Mike Faith, CEO and founder of Headsets.com, never thought he'd be in a situation in which he'd be forced to ration his primary product-- telephone headsets--to customers. And yet that's where he finds himself: when people began working at home en masse in early March, the San Francisco-based telecommunications company was forced to cap orders at 25 per customer.

While hand sanitizer and protective gear manufacturers moved to limit their supplies to customers early on in the Covid-19 crisis, a number of industries now find themselves grappling with a surprise surge in demand. In the face of strained supply chains, panicked consumers, and an uncertain economic future, here's how a few fortunate business owners are navigating the uptick.

1. Security

There are a lot of empty buildings right now and new facilities that need security help, like grocery stores. Both, according to Don Tefft, chief human resources officer of Santa-Ana based Allied Universal, have driven demand for security and facility services. In response to the need for more security guards, Allied announced in early April that it would hire 30 thousand people over the next two months. And people are applying: Employee applications in March 2020 jumped 15 percent when compared to March 2019, Tefft says.

Tefft's advice for hiring during a pandemic? Leverage technology. Allied is leaning on their AUHireSmart system that can interview applicants automatically without any human contact or involvement and extend an offer within two hours. In some areas, automatic interviews aren't possible, so when live or recorded video interviews are used, Allied uses automated scheduling to keep the ball rolling, allowing these types of applicants to complete the process in 24 hoursAfter receiving an offer, all candidates complete an in-person oral swab drug test and a background check.

2. Gardening 

Jacob Pechenik, CEO of Austin-based Lettuce Grow, says the pandemic has increased demand for DIY veggies. Lettuce Grow sells hydroponic gardening units that occupy up to four square feet and can grow enough vegetables for an entire family. It turns out quarantine has brought out the green thumb in many of us: Pechenik says the company's sales increased 350 percent from February to March 2020.

That growth created problems of its own, however. When a record number of subscribers ordered refill seedlings three weeks ago, Lettuce Grow couldn't meet the demand. The company notified customers, issued refunds, and shipped substitute seedlings for free. The result: only one complaint, Pechenik says, from a grower who really wanted tomatoes.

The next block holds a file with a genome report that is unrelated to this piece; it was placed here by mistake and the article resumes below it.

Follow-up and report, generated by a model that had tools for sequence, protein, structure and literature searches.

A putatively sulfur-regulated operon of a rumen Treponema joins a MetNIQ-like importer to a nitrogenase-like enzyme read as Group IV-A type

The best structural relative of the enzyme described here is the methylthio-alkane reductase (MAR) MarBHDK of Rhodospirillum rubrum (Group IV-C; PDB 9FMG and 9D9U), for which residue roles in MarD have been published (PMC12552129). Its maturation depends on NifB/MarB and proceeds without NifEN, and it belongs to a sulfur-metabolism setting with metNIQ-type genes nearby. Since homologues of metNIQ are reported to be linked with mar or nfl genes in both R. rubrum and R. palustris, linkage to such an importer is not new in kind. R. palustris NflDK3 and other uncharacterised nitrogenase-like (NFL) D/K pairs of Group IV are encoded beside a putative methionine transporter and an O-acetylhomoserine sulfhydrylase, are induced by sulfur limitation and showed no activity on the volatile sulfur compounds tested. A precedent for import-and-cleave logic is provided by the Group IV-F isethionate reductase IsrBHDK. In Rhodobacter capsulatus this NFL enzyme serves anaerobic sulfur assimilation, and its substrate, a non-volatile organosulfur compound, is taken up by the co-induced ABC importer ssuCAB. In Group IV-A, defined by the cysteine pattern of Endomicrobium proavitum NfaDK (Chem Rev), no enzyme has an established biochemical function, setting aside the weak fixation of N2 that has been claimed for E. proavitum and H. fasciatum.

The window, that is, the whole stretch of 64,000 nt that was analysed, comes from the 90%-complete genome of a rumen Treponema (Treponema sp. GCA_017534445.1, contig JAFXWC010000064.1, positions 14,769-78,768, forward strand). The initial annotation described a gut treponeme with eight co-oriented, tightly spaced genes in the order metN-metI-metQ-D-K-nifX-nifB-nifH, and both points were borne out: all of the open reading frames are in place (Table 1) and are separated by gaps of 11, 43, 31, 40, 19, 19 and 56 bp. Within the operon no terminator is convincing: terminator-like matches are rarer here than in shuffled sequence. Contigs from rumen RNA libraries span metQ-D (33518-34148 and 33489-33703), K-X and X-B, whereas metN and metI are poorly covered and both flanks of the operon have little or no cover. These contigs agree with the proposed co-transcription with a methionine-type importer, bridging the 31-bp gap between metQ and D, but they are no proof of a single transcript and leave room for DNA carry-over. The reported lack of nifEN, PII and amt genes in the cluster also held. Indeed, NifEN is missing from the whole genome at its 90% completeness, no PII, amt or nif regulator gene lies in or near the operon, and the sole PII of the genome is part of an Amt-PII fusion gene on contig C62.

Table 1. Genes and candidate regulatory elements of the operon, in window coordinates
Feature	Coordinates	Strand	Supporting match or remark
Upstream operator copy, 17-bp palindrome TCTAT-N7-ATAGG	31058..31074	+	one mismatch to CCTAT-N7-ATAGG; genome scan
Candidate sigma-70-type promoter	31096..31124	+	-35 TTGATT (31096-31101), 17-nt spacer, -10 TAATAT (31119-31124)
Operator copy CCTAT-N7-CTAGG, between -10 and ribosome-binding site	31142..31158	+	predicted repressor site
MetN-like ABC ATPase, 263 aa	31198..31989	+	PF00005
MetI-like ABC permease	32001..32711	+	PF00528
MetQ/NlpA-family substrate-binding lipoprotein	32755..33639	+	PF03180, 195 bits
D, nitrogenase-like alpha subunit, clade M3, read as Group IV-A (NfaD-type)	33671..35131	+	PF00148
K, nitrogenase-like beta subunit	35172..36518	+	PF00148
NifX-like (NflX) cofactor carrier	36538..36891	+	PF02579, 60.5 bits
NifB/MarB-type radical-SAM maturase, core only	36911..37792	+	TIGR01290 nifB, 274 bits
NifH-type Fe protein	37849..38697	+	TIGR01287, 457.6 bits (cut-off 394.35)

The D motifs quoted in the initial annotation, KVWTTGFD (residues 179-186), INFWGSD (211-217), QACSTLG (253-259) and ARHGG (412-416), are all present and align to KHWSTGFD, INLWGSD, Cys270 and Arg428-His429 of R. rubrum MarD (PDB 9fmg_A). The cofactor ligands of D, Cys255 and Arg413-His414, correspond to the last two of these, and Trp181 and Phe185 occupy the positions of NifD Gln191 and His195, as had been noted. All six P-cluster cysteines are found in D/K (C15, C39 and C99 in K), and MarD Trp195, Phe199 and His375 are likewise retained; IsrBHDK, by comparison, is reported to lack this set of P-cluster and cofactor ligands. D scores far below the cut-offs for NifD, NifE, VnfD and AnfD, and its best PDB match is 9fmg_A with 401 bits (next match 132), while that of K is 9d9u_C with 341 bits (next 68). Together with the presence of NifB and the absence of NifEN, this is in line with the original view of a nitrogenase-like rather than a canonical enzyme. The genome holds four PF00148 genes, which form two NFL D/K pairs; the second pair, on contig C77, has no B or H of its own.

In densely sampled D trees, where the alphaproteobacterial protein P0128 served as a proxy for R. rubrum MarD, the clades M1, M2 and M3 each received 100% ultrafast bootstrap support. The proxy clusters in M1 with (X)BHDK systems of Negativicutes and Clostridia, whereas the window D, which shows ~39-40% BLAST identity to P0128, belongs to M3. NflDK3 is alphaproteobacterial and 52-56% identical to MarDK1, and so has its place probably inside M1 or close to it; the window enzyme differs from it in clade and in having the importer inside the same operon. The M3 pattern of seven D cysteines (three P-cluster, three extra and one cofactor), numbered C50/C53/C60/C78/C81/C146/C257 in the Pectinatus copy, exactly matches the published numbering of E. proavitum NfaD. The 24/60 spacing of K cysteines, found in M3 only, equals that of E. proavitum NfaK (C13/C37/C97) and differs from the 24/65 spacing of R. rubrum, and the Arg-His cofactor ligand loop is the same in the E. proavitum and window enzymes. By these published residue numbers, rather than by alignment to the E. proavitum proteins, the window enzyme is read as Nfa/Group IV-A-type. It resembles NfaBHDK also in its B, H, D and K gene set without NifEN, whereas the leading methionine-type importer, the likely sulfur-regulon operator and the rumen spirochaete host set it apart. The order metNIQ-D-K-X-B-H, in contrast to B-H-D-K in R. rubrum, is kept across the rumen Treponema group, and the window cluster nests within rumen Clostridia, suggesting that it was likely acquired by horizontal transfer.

3. Tele (Mental) Health

Since 2010 Lionrock Recovery has provided online substance use disorder (SUD) counseling, an area that CEO and co-founder Peter Loeb says has enormous potential for growth because many people who need SUD treatment do not receive it. Online treatment comes without the stigma of "hitting rock bottom" that's associated with brick-and-mortar treatment programs Loeb says, noting that the more private nature of online counseling allows Lionrock to reach people earlier in the SUD cycle.

In March, Lionrock saw a 40 percent spike in people seeking SUD treatment compared to February, which Loeb says is driven by people being isolated due to the coronavirus quarantine. Luckily, the company closed a $7 million round of funding in October which will help it meet demand. 

Loeb says that companies making the switch to telehealth should remember that not everything will translate to a cyber environment. Drug testing, for example, a vital part of SUD treatment, is typically conducted with urine tests. There are obvious reasons why that can't happen via webcam, so Lionrock has developed a process for an instant oral swab that can be verified remotely. 

4. Aloe Vera

Desert Harvest, a Hillsborough, North Carolina-based aloe vera and multivitamin company, saw its sales on Amazon go up by 254 percent in March compared to the same month last year, says CEO Heather Florio. Aloe vera gel is one of three ingredients in homemade hand sanitizer.

Florio has spent the past month scrambling to secure supplies, and even had to call the governor of Texas, where Desert Harvest processes its aloe vera supplements, to get an exemption from the state's shutdown of non-essential businesses. The company's aloe vera supplement is one of the most popular treatments of its kind for a chronic pain condition called Interstitial Cystitis (IC) says IC expert Dr. Sonia Bahlani, so Florio was able to convince Governor Greg Abbott to reopen the facility with limited staff. The moral of the story? Don't be afraid to think outside the box and speak up for yourself, says Florio. 

It's good advice for any company trying to make it through these uncertain times.